From her grandparents' tavern where customers came for fried food and "Fish stew with Riesling wine" to the three-star restaurant of today, "everything happened in the most natural way," according to Danièle.

Marc can't recall a single argument with his father. "We understood each other in a glance. He never stopped me from trying out a new dish. He always said: "If customers like it, we'll put it on the menu." Danièle has an explanation for the peacefulness that reigns in this temple of Alsace gastronomy: "Our strength is that there's never been just one member of the family at the top of the business. There used to be my grandma and my aunt, then my father and my uncle, and now there's our generation. Things are flowing, slowly, without any revolution." The business model, she quips, has more to do with "the heart" than with technique. In Illhaeusern, the family name is more important than the first names. Maybe this is the secret for any smooth succession.

Read more in French from Le Monde.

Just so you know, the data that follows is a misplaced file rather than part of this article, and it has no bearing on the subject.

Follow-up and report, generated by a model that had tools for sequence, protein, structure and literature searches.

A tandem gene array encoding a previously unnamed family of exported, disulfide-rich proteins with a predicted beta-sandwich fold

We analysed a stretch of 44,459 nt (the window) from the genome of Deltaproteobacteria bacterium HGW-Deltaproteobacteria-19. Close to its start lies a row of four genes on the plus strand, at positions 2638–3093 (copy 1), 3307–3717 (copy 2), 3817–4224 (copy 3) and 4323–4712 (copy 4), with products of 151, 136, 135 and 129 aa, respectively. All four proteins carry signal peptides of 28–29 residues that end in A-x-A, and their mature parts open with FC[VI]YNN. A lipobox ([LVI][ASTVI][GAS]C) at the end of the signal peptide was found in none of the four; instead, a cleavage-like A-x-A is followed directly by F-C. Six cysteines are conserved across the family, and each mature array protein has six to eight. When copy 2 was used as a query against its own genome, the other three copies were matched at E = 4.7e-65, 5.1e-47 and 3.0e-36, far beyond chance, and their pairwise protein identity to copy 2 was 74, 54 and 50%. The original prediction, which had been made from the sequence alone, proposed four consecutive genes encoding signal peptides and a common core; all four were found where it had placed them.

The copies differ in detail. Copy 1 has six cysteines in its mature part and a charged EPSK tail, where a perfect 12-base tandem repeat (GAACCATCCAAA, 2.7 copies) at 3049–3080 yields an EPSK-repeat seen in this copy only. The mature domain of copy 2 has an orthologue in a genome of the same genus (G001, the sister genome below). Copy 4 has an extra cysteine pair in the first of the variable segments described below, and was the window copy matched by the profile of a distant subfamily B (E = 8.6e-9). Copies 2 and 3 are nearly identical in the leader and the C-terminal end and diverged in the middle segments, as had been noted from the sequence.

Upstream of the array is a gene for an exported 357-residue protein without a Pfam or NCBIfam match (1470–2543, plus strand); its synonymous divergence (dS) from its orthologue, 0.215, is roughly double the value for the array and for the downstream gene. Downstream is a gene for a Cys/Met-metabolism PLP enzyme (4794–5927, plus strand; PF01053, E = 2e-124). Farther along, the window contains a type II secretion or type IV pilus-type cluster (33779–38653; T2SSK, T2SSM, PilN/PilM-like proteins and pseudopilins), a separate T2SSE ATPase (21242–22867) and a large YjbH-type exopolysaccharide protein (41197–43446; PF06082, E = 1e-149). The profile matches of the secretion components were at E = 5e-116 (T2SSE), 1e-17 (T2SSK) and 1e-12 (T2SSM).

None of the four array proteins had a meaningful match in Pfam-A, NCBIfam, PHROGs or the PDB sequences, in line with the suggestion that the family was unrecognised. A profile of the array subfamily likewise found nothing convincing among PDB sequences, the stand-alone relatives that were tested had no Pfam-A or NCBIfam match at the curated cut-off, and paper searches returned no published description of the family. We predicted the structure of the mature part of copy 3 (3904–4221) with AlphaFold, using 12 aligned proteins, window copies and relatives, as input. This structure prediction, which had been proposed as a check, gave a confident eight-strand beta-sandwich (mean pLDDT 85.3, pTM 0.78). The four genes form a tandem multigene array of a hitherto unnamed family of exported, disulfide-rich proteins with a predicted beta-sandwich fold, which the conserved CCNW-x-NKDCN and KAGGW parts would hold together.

Photo: jour2fete

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Migrant Lives

They Migrated From Chiapas When Opportunities Dried Up, Orchids Brought Them Home

An orchid rehabilitation project is turning a small Mexican community into a tourist magnet — and attracting far-flung locals back to their hometown.

They Migrated From Chiapas When Opportunities Dried Up, Orchids Brought Them Home

Marcos Aguilar Pérez takes care of orchids rescued from the rainforest in his backyard in Santa Rita Las Flores, Mapastepec, Chiapas, Mexico.

Adriana Alcázar González/GPJ Mexico
Adriana Alcázar González

MAPASTEPEC — Sweat cascades down Candelaria Salas Gómez’s forehead as she separates the bulbs of one of the orchids she and the other members of the Santa Rita Las Flores Community Ecotourism group have rescued from the rainforest. The group houses and protects over 1,000 orchids recovered from El Triunfo Biosphere Reserve, in the southeastern Mexican state of Chiapas, after powerful storms.

“When the storms and heavy rains end, we climb to the vicinity of the mountains and collect the orchids that have fallen from the trees. We bring them to Santa Rita, care for them, and build their strength to reintegrate them into the reserve later,” says Salas Gómez, 32, as she attaches an orchid to a clay base to help it recover.

Like magnets, the orchids of Santa Rita have exerted a pull on those who have migrated from the area due to lack of opportunity. After years away from home, Salas Gómez was one of those who returned, attracted by the community venture to rescue these flowers and exhibit them as a tourist attraction, which provides residents with an adequate income.